In recent months, Pakistani officials have sought to allay concerns that the deteriorating security situation in their country would allow extremist elements to acquire nuclear weapons or materials. Political instability in Pakistan has persisted over the past year, raising questions about Islamabad’s ability to protect its nuclear assets.
In early January 2008, Islamabad criticized Mohamed ElBaradei, director-general of the International Atomic Energy Agency (IAEA), for comments made in a Jan. 8 interview with the pan-Arab al-Hayat newspaper in which he expressed concern that “nuclear weapons could fall into the hands of an extremist group in Pakistan or in Afghanistan.” Pakistani Foreign Ministry spokesman Mohammad Sadiq characterized such comments Jan. 9 as “unwarranted and irresponsible,” stressing that Pakistan’s weapons are as secure as those in any other nuclear-weapon state.
Responding to Pakistan’s criticism, the agency issued a statement clarifying that ElBaradei was attempting to “call attention to the need to bolster nuclear safety and security measures” worldwide, not just in Pakistan. Although Islamabad has not signed the nuclear Nonproliferation Treaty, it is a member of the IAEA and has placed a number of civilian nuclear facilities under the agency’s safeguards.
During a Jan. 27 briefing, retired Lt. General Khalid Kidwai, director-general of Pakistan’s Strategic Plans Division, which oversees the security of the country’s nuclear arsenal, sought to reassure foreign journalists. He argued that scenarios involving the theft or takeover of Pakistani nuclear assets were unrealistic. In addition to describing steps that Islamabad has taken to enhance its nuclear security, Kidwai asserted that “[t]here’s no conceivable scenario, political or violent, in which Pakistan will fall to extremists of the al Qaeda or Taliban type.” He also noted that “the state of alertness has gone up” in recent months since domestic tensions within Pakistan have increased.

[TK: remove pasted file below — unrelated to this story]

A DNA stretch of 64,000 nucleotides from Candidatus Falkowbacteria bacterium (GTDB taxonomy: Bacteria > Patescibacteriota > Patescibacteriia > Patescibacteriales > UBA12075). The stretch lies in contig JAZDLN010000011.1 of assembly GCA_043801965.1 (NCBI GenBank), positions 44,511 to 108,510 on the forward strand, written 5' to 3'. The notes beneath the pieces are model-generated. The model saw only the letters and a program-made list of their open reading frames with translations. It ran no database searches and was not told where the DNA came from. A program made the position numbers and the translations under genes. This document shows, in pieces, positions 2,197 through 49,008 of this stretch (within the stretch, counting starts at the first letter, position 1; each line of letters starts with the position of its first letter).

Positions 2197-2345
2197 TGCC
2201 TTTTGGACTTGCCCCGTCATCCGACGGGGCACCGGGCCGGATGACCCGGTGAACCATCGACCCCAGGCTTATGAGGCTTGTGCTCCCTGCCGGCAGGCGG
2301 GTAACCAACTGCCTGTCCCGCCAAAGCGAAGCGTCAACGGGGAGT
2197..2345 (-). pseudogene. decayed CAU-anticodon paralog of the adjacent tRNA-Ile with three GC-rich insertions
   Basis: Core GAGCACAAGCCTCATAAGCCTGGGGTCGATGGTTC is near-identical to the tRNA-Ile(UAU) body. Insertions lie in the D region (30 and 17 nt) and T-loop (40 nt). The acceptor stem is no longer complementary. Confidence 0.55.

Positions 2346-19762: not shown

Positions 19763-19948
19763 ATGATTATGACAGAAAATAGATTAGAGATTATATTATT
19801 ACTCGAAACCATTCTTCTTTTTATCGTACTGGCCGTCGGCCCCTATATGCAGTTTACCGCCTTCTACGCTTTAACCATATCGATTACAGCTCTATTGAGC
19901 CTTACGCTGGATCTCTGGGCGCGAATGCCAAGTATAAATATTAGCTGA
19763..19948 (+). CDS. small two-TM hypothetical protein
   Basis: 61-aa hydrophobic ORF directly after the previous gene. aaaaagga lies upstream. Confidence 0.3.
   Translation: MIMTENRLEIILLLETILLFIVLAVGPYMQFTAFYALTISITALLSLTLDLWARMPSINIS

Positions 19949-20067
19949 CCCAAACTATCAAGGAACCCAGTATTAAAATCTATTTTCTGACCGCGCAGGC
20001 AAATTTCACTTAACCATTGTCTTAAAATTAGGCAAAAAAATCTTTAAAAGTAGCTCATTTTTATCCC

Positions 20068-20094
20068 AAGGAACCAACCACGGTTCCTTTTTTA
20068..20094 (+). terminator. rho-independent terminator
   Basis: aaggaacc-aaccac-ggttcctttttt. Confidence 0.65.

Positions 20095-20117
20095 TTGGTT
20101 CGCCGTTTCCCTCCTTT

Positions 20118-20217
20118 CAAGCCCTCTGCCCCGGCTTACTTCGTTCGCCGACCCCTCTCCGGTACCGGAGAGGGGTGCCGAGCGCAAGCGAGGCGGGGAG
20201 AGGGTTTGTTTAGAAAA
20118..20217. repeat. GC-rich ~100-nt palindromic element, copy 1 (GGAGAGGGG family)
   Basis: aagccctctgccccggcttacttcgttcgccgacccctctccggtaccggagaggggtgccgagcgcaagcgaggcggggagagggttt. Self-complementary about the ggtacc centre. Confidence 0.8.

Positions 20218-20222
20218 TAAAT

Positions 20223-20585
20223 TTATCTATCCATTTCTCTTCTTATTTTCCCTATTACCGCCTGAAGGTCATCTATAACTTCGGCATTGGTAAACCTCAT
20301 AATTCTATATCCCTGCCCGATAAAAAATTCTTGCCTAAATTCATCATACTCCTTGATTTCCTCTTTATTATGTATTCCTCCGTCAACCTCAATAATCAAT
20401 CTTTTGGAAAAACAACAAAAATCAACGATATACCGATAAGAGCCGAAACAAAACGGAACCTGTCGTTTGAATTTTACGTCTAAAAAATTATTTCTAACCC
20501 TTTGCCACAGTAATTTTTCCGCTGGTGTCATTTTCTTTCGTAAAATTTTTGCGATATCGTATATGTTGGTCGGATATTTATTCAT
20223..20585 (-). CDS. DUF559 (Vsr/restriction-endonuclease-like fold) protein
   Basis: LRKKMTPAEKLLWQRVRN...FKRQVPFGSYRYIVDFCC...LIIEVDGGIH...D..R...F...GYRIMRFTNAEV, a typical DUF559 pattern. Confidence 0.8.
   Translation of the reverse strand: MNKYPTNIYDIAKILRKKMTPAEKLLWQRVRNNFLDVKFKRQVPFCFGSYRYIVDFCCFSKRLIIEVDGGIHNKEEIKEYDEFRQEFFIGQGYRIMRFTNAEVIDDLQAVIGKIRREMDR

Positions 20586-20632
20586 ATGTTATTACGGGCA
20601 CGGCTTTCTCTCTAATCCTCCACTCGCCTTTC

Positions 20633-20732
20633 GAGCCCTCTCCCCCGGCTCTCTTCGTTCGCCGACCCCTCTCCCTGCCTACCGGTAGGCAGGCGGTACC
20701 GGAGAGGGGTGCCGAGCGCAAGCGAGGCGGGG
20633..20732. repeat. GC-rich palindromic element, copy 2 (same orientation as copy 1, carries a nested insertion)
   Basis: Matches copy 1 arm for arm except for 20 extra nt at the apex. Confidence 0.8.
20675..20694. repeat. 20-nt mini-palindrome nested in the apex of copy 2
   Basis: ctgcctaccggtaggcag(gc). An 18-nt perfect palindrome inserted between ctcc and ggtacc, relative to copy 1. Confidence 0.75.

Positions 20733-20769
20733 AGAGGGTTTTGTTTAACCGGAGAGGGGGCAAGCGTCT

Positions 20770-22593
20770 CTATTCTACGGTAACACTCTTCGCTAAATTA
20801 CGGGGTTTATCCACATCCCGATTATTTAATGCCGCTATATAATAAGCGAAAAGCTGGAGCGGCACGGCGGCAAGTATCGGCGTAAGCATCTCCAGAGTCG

Pakistan’s Strategic Plans Division serves as the secretariat of the National Command Authority, which is headed by the president and is responsible for command and control over Pakistan’s strategic weapons and infrastructure. (See ACT, December 2007. ) Both organizations were created in 1999, a year after Pakistan tested nuclear weapons.
Pakistan is believed to have produced enough nuclear material for about 60 weapons. As a security precaution, these weapons are stored unassembled, with the fissile material core kept separately from the explosive triggers.
Following Kidwai’s briefing, Pakistani President Pervez Musharraf also sought to underscore the apparent confidence that the U.S. intelligence community places in the security of Pakistan’s nuclear arsenal. In a Feb. 14 lecture at a Paris think tank, Musharraf argued that “[i]f you ask the head of [the] CIA or top officials of Western intelligence agencies, they will talk contrary to the point of view being projected by the Western media against Pakistan and its leadership.”
Musharraf’s reference to such an assessment by Western intelligence agencies followed the Feb. 5 testimony of top U.S. intelligence officials to the Senate Foreign Relations Committee. Although admitting to “vulnerabilities” in the Pakistani military’s control over its weapons complex, John Michael McConnell, director of national intelligence, told the committee that “the ongoing political uncertainty in Pakistan has not seriously threatened the military’s control of the nuclear arsenal.”
Officials from neighboring nuclear rival India, however, continue to cite the risk to Pakistan’s nuclear arms. During a Feb. 18 lecture in New Delhi, Indian Special Envoy Shyam Saran cited the possibility that, “[in] a situation of chaos, Pakistan’s nuclear assets may fall into the hands of jihadi elements.”